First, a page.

There's been only one story in Germany this week: Chancellor Gerhard Schroeder's holiday plans.
But while some dismiss it as "summer theatre", the affair surrounding Mr Schroeder's decision to cancel his vacation in Italy after a junior Italian minister insulted German tourists shows once again his sharp political instinct.
Opinion polls show 66% of Germans back him. Crucially, he has also won over Bild, this country's best-selling newspaper, which greeted the news with the headline: "Basta! Chancellor blows the whistle on Italy."
Schroeder may have rediscovered his popular touch
Other senior figures in his Social Democratic Party (SPD) have followed suit, also cancelling their holidays in Italy.
"Gut-feeling and Bild are often Mr Schroeder's most effective foreign policy advisors,"' wrote Sueddeutsche Zeitung this week.
"The Chancellor's initial reaction: that he would consider not going to Italy, was a self-initiated political instrumentation of his private life."
One newspaper has even accused him of using the issue as he did last year's floods, as a life-line to restore tarnished popularity.
Since winning re-election last year, Mr Schroeder has been on the defensive.
The economy is on the brink of recession, more than 4.5 million people are unemployed, and the government has seemed rudderless.
His plans for reforms met with strong opposition within his party, and there was also conflict with the unions.
"The strikes and the state of the economy were very damaging for the government.
"It might well be there's now a little bit of sympathy again," says Ulrike Guerot from the German Council of Foreign Relations.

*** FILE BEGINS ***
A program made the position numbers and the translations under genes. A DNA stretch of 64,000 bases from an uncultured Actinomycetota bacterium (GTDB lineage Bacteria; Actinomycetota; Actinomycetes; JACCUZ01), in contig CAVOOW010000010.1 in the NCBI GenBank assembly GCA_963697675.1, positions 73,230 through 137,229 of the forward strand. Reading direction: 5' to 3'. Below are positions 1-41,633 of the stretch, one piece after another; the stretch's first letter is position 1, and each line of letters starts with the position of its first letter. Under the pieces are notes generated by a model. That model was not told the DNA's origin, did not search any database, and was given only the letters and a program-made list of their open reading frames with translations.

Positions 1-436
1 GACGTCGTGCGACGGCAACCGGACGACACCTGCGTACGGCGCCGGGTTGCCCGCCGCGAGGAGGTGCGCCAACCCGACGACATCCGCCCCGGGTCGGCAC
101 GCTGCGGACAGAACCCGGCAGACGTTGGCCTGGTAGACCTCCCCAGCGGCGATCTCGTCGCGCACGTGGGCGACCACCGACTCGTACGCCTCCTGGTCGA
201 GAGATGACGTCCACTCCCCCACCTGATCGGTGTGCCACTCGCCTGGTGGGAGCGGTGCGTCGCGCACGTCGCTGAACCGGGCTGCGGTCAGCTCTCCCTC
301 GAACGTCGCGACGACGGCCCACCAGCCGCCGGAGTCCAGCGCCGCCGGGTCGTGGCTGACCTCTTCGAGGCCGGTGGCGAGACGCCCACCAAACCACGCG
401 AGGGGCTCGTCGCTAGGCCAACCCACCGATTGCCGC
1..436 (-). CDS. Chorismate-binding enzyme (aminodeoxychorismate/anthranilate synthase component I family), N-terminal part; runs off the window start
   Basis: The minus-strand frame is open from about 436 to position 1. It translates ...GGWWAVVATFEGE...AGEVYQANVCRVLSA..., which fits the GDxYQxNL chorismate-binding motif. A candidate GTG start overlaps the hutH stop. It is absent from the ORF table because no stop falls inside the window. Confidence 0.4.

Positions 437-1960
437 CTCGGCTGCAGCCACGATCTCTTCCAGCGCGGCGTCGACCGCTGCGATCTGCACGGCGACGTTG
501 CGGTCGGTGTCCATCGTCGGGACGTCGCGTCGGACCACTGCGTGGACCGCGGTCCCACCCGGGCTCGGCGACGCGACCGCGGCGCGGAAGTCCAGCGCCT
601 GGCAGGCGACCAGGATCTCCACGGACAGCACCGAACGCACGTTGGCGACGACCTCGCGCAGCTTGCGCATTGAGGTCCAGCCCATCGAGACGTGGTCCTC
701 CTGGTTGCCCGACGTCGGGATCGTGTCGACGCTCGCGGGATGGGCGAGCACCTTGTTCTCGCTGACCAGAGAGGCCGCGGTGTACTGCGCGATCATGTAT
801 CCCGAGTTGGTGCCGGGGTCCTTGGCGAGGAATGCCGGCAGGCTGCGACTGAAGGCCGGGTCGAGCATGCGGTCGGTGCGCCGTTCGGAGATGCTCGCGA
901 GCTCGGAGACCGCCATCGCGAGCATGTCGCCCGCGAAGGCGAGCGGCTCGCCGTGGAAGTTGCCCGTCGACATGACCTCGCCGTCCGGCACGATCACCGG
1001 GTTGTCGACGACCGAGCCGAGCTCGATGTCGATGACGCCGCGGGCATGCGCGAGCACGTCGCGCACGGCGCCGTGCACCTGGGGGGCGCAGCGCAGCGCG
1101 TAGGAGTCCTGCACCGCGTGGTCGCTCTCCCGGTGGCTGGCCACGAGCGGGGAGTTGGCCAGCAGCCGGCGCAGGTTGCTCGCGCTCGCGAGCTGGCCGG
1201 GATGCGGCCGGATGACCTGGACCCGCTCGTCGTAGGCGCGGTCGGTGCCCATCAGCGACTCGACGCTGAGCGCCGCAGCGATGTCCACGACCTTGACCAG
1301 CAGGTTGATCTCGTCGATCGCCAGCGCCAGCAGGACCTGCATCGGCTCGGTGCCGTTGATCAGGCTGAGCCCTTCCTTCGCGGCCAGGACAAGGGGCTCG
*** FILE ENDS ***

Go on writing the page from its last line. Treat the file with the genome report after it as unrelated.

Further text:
"But it can disappear in the next two or three weeks, with unemployment still high and reforms unresolved," she adds.
Professor Hajo Funke, political scientist at Berlin's Free University, agrees.
"This row is not decisive. The most decisive thing is the economy."
Mr Schroeder may also have won some popularity with his announcement of tax cuts last month.
And the recent collapse of the east German steel industry and car manufacturing strike organised by IG Metall, this country's biggest industrial union, was another victory for the Chancellor.
But these are partial triumphs. Unemployment is still expected to reach five million in the winter.
The opposition Christian Democratic Union (CDU) has also accused Mr Schroeder of populism in his handling of the row with Italy.
Victory over strikers was another plus for the chancellor
Party grandee Wolfgang Schaeuble described it as "completely over-the-top, fatuous, and artfully agitated."
But unfortunately for the CDU, it finds itself sailing against the wind.
Those opinion polls find approval for Mr Schroeder's decision even higher among CDU supporters than among SPD voters.
And Bild newspaper at least is still pushing the story. Friday's front page featured topless models holding a mock beach party outside the Italian embassy.
The message for the ambassador was clear: German tourists are not "loud, pot-bellied and arrogant," as suggested - but "beautiful, sexy and charming."